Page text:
CM . . .
. Volume XXII Number 11. . . .November 13, 2015
Shirley Marie Hartung.
Kitchener, ON: Hartung Press (www.authorsmhartung.com), 2014.
88 pp., trade pbk., $9.95 + $2.95 shipping = $12.90.
Grades 3-5 / Ages 8-10.
Review by Ruth Latta.
What is polio, you ask? When I was still a child, polio was a frightening illness that killed and crippled many people. Nowadays we don't hear much about polio but we hear about AIDS which is a disease that is killing many people around the world, just as polio did years ago. Although there is hope for a cure for AIDS someday, at this point prevention is the only way of dealing with polio. But thanks to Dr. Salk and his team who developed the first successful polio vaccine, people don't have to worry about getting polio any more... However, there was and still is nothing to undo the paralysis that sometimes comes with polio.
Grounded centres on Marie, a first-person narrator who is about to turn 10-years-old in the summer of 1954. She is disappointed because she expected to celebrate her birthday with her cousin Ricky from Boston, MA, who usually spends part of the summer with her and her parents on their southwestern Ontario farm. But this summer, Ricky is in an iron lung, fighting for his life after contracting polio.
Author Hartung captures the unease over this dread disease that pervaded the early 1950s before Dr. Jonas Salk's vaccine came into use in 1955. Marie is "grounded" at the start of the novel because her parents won't let her go to the movies or swimming, for fear of her contracting polio. Later, she is physically grounded when she develops a mild case of the disease.
Billy also gets polio and ends up in a wheelchair. By having three major characters fall ill, Hartung shows how the severity of polio varied among different cases. In time, Cousin Ricky can breathe independently of the iron lung and, by the novel's end, has progressed through braces to crutches.
The time frame of the novel is a year, from Marie's tenth birthday to her eleventh. Another annual landmark event for the children is the Canadian National Exhibition in Toronto, the scene of a more-or-less happy ending in 1955.
Grounded is written in a style accessible for the age group eight to ten. The first-person narration is varied by the inclusion of letters, mostly from Ricky's mother about his progress. The novel is full of information about the symptoms, effects and treatment of polio, and also includes period details, such as the names of TV shows popular in 1954-5. Yet the novel is lacking in scenes rich in mood-evoking sensory detail. If Hartung had shown us Marie running through the fields with a dog, or playing in new mown hay, or picking fresh vegetables or berries, readers would experience the beauties and pleasures of a child's active life on a farm, and would fully realize how tragic a loss of mobility would be. Early in the novel, when Marie and Billy are at the pond, we read: "I think of how Tammy and I used to jump from the rubber tube tied to the big willow tree overhanging the pond. The water looks so cool and inviting." This eighty-three page novel could use more such descriptions.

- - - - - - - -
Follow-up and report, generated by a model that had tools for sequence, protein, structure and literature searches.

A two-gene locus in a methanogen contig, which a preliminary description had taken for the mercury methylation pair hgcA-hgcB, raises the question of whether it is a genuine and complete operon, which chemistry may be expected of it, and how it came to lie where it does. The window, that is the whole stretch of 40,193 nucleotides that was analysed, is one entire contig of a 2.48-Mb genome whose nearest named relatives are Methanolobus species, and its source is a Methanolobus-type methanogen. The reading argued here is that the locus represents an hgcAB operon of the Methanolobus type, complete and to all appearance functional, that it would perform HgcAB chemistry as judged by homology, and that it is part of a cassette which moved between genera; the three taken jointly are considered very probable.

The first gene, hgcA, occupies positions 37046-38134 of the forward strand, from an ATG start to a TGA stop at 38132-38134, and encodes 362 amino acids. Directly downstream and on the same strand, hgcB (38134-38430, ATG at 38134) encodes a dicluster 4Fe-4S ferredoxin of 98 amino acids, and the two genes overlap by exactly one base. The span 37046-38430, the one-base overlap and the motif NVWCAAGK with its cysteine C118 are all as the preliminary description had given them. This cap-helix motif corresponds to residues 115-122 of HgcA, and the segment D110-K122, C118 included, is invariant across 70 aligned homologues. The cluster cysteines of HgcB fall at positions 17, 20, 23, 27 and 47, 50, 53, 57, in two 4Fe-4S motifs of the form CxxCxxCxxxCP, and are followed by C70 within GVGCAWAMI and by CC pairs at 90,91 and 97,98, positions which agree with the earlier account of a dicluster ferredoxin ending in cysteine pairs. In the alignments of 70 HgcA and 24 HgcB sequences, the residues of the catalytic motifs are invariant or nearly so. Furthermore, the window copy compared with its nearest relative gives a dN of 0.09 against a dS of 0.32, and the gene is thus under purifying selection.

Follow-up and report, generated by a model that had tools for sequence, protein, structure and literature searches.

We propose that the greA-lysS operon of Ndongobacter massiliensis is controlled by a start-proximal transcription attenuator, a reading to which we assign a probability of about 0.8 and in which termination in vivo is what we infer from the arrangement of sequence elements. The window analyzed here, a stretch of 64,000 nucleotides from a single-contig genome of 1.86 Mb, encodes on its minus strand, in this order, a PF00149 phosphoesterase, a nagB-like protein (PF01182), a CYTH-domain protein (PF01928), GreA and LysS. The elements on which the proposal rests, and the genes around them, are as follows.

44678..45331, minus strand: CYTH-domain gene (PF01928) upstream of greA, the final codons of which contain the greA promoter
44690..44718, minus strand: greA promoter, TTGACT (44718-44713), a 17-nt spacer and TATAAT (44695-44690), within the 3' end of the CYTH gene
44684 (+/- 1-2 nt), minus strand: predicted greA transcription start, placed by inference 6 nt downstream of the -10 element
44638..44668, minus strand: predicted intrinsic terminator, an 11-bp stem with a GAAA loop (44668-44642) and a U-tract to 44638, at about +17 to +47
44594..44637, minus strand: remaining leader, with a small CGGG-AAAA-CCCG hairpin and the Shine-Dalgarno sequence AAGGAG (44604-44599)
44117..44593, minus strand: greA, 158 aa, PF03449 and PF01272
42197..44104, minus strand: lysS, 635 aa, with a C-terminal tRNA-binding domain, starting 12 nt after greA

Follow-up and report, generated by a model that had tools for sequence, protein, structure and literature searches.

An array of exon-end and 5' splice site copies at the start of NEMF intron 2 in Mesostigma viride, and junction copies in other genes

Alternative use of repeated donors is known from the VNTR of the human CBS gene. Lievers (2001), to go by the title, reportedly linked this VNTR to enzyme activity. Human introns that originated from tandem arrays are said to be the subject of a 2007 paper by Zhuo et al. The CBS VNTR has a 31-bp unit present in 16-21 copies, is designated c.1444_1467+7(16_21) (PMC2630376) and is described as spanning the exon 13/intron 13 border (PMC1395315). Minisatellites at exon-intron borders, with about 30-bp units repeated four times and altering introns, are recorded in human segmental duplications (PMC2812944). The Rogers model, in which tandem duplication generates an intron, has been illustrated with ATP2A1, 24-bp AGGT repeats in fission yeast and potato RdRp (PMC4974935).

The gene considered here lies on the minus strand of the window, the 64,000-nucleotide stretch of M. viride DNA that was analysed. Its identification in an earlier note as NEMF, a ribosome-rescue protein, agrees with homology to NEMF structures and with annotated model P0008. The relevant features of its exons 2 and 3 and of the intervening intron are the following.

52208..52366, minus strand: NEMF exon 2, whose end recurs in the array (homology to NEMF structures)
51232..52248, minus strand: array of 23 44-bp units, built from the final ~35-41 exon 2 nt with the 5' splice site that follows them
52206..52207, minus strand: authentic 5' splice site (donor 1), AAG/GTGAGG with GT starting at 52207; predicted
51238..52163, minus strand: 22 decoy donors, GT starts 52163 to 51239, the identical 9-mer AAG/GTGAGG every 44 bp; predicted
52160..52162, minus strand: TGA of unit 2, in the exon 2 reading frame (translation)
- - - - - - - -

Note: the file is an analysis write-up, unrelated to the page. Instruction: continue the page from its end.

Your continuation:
Do Canadian children need to know about a disease which has been largely eradicated in the western world? I would say yes; it doesn't hurt for them to know, but the comparison of polio to AIDS (see introductory quote) seems unnecessary and may cause confusion and worry among young readers. Children who are skimmers, rather than close readers, may think the two diseases are similar and related.
One reason to educate children about this crippling epidemic of the past is to show the need, then and now, for an inclusive attitude toward people who are "differently abled", and for physical environments in which they can function and fulfil their dreams. Hartung includes several situations in which kindness is shown to children with mobility problems; I would have liked a more direct approach in this area. Possibly the author does so in the activity book to go with Grounded, which was not included along with the review copy. The sample activity mentioned in Grounded is: "As a class, make a list of physical handicaps. Then go on a walking tour of your school or public building. Look for things that help people with handicaps."
Hartung dedicates this, her first novel, to Dr. Jonas Salk, discoverer of the polio vaccine, and to two people close to her who lived with the damage of polio. She includes a picture labelled "Marie before the fever." Obviously Grounded was a labour of love, one which will educate the young and bring back memories of a tense time to those of us old enough to remember.
Ruth Latta's most recent novel for grown-ups, Most of All, is available on Amazon Kindle. Her most recent young adult novel is The Songcatcher and Me (firstname.lastname@example.org)
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